balance of payments


balance of payments
the difference between a nation's total payments to foreign countries, including movements of capital and gold, investments, tourist spending, etc., and its total receipts from foreign countries.
[1835-45]

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Systematic record of all economic transactions during a given period between residents (including the government) of one country and residents (including the governments) of other countries.

The transactions are presented in the form of double-entry bookkeeping. The U.S. balance of payments, for example, records the various ways in which dollars are made available to foreigners through U.S. imports, U.S. tourist spending abroad, foreign lending, and so on. These expenditures are shown on the debit side of the balance. The credit side shows the various uses to which foreigners put their dollars, including paying for U.S. exports, servicing debts to the U.S., and the like. Foreign countries may acquire more dollars than they need to spend on U.S. goods and services and may hold the surplus or purchase gold or securities; or they may have fewer dollars than they need to purchase U.S. goods and services, and may acquire additional dollars by transferring gold, selling holdings in the U.S., and so on. Certain forms of transferring funds (e.g., large outflows of gold) are less desirable as a way of settling foreign debts than others (e.g., transfers of currency acquired through international trade). The International Monetary Fund helps address problems relating to balance of payments. See also balance of trade.

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      systematic record of all economic transactions between residents of one country and residents of other countries (including the governments). The transactions are presented in the form of double-entry bookkeeping.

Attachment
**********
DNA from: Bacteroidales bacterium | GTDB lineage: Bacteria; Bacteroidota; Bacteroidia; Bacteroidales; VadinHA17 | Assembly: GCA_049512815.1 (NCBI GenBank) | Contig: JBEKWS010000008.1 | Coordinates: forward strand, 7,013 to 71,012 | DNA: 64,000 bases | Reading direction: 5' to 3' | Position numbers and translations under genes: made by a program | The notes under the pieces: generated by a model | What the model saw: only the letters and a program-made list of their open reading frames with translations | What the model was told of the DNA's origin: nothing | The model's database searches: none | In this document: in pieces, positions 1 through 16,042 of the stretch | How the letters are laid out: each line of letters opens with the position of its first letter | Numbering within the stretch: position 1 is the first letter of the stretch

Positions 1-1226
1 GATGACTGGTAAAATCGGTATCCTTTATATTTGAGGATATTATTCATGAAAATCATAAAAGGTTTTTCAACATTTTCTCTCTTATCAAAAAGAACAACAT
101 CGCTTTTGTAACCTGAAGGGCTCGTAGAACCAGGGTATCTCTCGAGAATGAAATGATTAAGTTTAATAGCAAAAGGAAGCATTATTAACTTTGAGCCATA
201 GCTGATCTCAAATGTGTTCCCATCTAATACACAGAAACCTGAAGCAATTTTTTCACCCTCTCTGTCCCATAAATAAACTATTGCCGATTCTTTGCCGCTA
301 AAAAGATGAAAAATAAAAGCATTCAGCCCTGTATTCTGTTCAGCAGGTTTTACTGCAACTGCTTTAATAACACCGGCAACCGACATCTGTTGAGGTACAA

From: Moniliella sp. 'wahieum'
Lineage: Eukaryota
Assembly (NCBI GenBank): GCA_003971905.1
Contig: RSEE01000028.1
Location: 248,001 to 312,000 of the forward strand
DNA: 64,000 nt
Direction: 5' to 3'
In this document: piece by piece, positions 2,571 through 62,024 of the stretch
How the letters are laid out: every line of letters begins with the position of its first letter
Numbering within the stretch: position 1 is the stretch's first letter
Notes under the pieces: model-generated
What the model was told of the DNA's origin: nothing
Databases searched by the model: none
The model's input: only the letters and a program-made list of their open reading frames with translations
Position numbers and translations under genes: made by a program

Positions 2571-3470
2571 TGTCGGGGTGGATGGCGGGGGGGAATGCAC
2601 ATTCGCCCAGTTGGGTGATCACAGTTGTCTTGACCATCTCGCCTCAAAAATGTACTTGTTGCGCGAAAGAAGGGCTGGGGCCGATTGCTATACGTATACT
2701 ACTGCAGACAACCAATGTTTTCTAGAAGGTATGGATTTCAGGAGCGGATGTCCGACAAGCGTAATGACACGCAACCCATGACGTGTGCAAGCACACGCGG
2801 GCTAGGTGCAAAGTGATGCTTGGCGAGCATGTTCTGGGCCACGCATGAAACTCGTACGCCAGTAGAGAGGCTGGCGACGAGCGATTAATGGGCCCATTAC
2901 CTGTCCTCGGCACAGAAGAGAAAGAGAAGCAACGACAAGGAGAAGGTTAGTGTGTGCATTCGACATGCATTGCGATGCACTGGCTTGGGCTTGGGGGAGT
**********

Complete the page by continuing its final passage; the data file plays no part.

There can be no surplus or deficit in a country's balance of payments as a whole (as distinguished from its balance of trade) because every payment will have an offsetting receipt.

      The balance of payments of Japan, for example, records the various ways in which yen are made available to foreigners through Japanese purchases of foreign goods, expenditures of Japanese tourists abroad, donations, loans, etc. These expenditures are shown on the debit side of the balance. The receipts side indicates the various uses to which foreigners put their yen, such as purchases of Japanese goods, interest on Japanese loans, etc. If foreigners do not spend all the yen made available to them, the balance of payments will show on the credit side an increase of foreign-held yen balances, foreign purchases of Japanese securities, gold exports from Japan, or some similar item. See also international payment and exchange.

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Universalium. 2010.

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